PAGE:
Online private lessons are one thing, but online group lessons and rehearsals are a monster of their own. Whether you’re teaching a group, rehearsing an ensemble piece, or trying to get everyone to play along to the same backing track - many of our first questions began with “How?” How do I make sure everyone can hear me? How can I hear each student? We asked some people who have recently gotten settled into their new online group lesson spaces for their advice. Hopefully these tips will help you run your group lessons much more smoothly.
Things to know beforehand:
1. Young students need more teamwork from parents. Require parents to attend the entire lesson with young students. This is for many reasons, from keeping them focused on the lesson to tech support. This is especially important for group lessons when every student needs to smoothly switch tasks to stay on the same page.
2. Trust and check. You won’t be able to listen to or hear everyone, and for ensemble rehearsals you most likely won’t ever hear them sing or play together (we will go over how this works best). You’ll just need to trust that everyone is doing their part (parents will help with that for young students). Better Practice can then help you check and validate their progress. You can see how much each student is practicing and also hear their recordings so that the group lesson is not the only indication of how hard they are working.
3. Expect tech issues. You can’t avoid it. Everyone has differing internet speeds and sometimes things just don’t work out. You will experience lag, and you may have problems with echo if you have more than one person unmuted (which we don’t recommend). Make sure you have other ways to contact your students if someone is disconnected.
4. You’ll win some, you’ll lose some. You will likely be unable to see everyone’s posture or technique very well, but other things will be easier to see such as pronunciation for singers.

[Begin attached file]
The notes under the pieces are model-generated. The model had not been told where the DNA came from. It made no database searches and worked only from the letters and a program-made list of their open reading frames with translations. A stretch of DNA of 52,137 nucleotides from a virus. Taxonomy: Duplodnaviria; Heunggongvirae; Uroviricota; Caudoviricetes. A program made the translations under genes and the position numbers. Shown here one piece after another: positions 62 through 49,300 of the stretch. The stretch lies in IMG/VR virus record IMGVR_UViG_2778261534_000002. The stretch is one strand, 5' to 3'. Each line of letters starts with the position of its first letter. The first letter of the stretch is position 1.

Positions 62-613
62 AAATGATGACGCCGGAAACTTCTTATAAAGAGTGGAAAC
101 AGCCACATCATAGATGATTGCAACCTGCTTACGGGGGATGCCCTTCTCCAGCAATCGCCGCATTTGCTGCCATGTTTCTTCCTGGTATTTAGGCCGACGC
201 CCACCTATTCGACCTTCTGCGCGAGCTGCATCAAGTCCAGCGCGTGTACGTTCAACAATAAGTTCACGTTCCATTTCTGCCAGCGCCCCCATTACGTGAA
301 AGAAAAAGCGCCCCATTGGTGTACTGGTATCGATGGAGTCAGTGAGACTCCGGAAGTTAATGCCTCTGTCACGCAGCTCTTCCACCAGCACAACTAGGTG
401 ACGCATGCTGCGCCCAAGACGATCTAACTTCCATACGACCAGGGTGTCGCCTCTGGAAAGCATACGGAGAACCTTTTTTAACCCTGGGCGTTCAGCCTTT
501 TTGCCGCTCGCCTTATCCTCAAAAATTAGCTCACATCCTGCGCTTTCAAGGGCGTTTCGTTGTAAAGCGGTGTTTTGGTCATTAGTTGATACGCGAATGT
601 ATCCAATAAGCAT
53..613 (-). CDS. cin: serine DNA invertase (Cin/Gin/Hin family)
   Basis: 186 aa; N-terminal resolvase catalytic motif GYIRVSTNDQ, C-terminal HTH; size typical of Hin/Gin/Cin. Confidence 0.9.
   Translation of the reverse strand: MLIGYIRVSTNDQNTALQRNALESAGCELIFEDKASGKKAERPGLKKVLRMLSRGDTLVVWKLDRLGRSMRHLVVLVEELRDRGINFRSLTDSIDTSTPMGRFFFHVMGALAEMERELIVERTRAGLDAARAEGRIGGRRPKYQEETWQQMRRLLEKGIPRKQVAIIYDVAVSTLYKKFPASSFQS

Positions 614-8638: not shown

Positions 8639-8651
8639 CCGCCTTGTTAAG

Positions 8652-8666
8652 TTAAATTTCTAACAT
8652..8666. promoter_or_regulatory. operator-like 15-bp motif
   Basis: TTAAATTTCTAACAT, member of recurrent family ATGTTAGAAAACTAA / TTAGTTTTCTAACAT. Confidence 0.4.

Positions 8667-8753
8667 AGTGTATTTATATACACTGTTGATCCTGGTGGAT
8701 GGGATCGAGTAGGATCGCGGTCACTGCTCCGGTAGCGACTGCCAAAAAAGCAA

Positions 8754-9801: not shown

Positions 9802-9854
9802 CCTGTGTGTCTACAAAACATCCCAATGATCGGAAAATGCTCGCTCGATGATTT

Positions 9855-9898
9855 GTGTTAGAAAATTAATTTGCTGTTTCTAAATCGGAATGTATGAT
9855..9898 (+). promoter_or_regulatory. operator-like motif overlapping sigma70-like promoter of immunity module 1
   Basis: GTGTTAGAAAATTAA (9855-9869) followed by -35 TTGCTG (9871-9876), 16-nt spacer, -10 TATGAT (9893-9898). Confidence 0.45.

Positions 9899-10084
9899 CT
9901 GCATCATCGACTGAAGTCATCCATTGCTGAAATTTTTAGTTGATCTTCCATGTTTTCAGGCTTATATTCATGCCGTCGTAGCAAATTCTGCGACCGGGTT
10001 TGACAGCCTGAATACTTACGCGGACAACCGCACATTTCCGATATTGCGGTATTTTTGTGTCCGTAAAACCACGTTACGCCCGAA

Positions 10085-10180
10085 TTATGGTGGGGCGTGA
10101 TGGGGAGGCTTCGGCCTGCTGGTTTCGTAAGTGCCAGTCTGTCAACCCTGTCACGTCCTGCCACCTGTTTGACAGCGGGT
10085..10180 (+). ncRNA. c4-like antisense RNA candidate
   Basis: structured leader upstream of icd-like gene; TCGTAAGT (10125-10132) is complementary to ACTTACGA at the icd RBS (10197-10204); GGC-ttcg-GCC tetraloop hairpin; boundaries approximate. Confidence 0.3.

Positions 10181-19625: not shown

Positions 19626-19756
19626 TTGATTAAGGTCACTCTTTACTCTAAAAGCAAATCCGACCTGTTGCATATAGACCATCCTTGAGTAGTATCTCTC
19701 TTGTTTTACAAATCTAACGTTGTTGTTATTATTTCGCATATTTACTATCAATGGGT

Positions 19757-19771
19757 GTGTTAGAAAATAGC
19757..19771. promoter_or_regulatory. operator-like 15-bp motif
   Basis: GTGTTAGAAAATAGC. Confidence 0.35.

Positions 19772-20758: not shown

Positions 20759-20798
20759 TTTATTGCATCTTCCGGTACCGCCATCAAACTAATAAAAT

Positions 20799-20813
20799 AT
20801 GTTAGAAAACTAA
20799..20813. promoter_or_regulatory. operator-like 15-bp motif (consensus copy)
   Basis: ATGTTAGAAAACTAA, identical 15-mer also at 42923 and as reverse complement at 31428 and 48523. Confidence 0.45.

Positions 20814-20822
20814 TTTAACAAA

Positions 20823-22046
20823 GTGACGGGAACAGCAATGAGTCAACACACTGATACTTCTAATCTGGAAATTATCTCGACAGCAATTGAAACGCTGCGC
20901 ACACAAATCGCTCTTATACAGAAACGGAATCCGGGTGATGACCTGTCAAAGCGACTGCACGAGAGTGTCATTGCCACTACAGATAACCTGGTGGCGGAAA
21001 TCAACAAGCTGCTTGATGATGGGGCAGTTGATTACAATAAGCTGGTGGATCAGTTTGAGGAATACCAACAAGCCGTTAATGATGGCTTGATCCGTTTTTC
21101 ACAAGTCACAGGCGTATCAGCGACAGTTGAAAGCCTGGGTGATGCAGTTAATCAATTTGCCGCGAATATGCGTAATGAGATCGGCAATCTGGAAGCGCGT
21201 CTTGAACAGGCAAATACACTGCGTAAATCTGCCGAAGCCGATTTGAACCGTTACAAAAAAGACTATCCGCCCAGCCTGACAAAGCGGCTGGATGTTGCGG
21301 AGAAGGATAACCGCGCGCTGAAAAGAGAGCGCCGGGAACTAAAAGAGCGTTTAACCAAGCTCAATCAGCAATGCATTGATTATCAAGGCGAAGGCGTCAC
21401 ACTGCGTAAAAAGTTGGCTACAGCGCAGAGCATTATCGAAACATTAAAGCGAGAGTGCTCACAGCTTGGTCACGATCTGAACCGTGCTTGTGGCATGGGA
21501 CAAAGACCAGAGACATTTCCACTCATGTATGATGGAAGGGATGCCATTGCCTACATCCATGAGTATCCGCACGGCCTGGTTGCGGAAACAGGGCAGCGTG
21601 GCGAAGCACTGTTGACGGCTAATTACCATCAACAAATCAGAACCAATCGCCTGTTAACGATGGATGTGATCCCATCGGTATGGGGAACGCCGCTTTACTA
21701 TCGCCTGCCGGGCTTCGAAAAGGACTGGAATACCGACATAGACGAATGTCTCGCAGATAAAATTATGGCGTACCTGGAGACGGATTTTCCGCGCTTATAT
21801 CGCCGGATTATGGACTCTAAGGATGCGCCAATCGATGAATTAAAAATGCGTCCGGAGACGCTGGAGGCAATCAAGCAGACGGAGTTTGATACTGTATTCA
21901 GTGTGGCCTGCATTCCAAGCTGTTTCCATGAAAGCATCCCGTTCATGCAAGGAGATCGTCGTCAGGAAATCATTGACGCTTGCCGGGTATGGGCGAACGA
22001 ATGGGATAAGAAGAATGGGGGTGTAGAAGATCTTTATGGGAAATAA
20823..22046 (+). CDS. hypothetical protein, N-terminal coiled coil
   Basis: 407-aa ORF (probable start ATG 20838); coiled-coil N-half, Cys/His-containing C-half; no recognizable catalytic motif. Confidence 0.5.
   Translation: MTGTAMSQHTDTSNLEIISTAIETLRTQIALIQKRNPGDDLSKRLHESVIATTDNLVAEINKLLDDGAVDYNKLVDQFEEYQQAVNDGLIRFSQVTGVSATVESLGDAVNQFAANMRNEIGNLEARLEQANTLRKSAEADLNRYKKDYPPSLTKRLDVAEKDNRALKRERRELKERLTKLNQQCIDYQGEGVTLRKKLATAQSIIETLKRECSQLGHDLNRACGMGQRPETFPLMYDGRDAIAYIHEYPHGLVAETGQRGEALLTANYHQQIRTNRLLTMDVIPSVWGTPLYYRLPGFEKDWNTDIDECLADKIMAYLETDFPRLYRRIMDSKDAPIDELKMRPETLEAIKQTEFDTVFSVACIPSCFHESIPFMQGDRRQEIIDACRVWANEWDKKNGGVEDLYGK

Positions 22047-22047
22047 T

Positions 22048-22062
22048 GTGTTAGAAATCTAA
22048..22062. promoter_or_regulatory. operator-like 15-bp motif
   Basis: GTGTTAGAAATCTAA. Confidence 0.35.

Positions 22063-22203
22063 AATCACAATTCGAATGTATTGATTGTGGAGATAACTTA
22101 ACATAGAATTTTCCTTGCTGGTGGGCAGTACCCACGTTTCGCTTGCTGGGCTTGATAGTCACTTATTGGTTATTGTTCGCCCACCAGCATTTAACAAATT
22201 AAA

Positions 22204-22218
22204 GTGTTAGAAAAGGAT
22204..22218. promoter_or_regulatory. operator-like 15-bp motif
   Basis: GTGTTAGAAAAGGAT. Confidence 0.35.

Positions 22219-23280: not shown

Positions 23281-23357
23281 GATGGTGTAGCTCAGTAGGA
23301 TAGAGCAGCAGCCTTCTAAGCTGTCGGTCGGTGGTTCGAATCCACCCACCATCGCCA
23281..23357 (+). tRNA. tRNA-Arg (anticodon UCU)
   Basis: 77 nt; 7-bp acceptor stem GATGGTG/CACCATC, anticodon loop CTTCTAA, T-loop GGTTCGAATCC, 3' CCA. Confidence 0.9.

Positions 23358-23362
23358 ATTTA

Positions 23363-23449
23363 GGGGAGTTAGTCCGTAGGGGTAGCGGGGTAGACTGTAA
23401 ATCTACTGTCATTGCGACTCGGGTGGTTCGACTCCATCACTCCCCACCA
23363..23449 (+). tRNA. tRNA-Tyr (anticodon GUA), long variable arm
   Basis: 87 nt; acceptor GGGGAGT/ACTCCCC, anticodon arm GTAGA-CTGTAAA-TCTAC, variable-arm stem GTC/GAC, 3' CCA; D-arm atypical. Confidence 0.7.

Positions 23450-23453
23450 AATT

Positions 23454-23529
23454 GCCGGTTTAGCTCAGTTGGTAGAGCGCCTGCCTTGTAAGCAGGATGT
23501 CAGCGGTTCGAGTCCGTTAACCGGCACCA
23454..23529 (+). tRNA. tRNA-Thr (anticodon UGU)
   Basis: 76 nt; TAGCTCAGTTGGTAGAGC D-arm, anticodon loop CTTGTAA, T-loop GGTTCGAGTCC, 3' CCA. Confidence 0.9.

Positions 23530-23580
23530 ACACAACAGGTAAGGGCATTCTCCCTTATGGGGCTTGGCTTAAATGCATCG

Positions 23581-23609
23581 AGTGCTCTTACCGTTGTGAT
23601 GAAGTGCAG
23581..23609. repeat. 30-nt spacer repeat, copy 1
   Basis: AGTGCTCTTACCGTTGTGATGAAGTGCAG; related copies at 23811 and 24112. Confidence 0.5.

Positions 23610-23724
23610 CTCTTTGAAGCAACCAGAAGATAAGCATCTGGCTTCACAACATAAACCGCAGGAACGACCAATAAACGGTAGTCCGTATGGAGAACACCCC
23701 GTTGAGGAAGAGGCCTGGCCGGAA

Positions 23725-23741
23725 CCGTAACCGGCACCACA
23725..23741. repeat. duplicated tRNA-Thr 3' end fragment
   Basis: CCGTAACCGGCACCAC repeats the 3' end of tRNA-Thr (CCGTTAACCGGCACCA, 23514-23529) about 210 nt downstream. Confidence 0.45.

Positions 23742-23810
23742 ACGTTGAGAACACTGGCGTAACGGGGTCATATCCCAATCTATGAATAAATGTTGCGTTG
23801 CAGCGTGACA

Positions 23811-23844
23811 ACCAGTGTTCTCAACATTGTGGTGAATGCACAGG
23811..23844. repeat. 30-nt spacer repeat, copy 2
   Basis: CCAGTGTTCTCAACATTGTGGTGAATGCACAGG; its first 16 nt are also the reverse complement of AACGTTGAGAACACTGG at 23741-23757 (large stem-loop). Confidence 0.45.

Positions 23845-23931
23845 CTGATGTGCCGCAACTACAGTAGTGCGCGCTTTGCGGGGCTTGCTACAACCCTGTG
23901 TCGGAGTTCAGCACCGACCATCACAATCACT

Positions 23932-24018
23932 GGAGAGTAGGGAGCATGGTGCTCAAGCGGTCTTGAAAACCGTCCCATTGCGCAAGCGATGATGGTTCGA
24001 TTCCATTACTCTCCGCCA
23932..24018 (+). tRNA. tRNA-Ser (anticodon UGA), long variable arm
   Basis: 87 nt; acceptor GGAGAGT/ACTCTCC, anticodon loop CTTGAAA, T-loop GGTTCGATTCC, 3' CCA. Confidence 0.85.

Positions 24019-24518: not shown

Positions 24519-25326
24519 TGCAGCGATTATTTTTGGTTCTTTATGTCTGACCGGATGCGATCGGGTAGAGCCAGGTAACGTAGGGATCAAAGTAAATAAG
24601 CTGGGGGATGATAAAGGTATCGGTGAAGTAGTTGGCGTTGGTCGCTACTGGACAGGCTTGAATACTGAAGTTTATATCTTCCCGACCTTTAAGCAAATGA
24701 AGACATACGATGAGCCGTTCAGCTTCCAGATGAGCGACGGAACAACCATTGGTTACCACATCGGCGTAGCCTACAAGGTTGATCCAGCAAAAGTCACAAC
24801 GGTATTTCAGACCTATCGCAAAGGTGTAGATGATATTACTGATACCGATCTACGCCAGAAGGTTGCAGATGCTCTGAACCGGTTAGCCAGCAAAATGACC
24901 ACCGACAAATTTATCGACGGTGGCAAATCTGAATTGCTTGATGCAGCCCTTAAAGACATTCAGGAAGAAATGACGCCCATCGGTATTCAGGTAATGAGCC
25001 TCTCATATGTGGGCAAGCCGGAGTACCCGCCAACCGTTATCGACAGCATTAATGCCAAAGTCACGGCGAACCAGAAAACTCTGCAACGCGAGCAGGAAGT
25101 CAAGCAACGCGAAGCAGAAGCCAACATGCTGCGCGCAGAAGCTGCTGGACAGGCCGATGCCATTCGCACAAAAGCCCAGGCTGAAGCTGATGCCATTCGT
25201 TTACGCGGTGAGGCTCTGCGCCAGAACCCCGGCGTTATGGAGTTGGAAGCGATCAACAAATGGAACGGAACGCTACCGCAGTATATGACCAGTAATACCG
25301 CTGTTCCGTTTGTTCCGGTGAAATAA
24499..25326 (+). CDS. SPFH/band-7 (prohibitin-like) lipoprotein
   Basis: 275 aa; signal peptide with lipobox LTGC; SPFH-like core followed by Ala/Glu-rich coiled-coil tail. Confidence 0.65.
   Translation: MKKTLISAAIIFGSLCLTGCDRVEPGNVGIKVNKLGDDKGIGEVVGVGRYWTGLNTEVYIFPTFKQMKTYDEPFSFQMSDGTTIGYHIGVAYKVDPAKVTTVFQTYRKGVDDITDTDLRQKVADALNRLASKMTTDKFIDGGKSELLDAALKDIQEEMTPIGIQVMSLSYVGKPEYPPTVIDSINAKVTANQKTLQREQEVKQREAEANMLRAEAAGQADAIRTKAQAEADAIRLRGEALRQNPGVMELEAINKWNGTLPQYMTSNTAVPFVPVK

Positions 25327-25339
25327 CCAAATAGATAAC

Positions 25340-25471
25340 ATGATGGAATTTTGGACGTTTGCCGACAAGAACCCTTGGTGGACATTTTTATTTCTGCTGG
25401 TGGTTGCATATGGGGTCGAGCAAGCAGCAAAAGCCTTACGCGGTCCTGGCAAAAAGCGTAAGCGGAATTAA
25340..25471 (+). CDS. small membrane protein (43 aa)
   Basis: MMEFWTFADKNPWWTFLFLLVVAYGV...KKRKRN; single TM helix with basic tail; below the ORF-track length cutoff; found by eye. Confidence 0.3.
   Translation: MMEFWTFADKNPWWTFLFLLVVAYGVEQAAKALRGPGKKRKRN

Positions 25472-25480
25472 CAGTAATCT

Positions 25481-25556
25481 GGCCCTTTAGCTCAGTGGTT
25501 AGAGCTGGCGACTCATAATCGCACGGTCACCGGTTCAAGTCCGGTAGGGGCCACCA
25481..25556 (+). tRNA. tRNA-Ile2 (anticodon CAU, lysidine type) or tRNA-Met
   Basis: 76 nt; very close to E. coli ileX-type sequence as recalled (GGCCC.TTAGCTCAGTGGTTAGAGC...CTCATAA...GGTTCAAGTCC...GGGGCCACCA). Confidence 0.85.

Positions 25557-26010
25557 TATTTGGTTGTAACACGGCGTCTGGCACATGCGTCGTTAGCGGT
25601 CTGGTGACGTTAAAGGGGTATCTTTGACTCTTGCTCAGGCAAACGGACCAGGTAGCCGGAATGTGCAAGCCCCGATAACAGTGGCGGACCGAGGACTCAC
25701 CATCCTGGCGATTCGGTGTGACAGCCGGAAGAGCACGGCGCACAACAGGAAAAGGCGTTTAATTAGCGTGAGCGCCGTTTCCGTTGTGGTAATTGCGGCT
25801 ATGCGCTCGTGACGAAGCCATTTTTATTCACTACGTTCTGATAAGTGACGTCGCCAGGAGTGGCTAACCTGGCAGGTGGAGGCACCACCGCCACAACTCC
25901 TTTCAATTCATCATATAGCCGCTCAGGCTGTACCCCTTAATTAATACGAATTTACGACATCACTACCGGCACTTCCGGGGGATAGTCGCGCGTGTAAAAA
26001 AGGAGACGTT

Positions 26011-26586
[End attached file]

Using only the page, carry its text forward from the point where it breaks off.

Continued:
Tips for Teaching Groups Remotely
Whether you have 2 students in a group or 200, you will most likely be using one or both of the following methods: teaching and then having students play along with you all together or having students play individually. We’ll go over how these methods work online. The TL;DR version of our tips below is: only have the current person playing unmuted. You should only hear one person at a time - whoever is not playing or speaking, should be muted.
1. Group play-along
This is the method that requires the most trust. You’ll have everyone muted except yourself and students will all play along with you at the same time. If you have everyone unmuted and playing at the same time, the lag and sound issues will be so atrocious you will not be able to play together coherently. Obviously, this method isn’t great for evaluation but works as an exercise. It’s much more fun to play as a group and students can relax a little, trying out what you just taught them.
2. Individual review
When diving a little deeper into each student’s progress, most group classes will go around and have each student play individually. Others will learn from the feedback they receive and wait their turn. This format actually translates very well online - the only thing you need to do is mute everyone except the student who is currently playing. I might even say this format works better online - since everyone else is muted, they can play along with the current student and practice while waiting their turn (given they are still paying attention to the feedback).
The technology landscape for remote lessons is constantly changing and there are advanced features that can help with this. For example, Breakout Rooms in Zoom. This is great for large classes - you can easily split off for voice lessons, ear training, sectionals, etc. to give individual attention in larger groups, then regroup for a final rehearsal.
Many teachers have communicated that they feel overwhelmed with having had to make such big changes at such rapid pace. There are guaranteed to be snags and bumps, and most music teachers are also learning these things from scratch. There are online communities you can turn to for support and advice such as teacher groups on Facebook. Keep in mind that video conferencing technology is evolving and everything should be taken as a learning experience. The advice above is from teachers who have moved to online lessons for the first time, and one has mentioned that there will likely be even more advice to give next week as they are always learning and trying different things.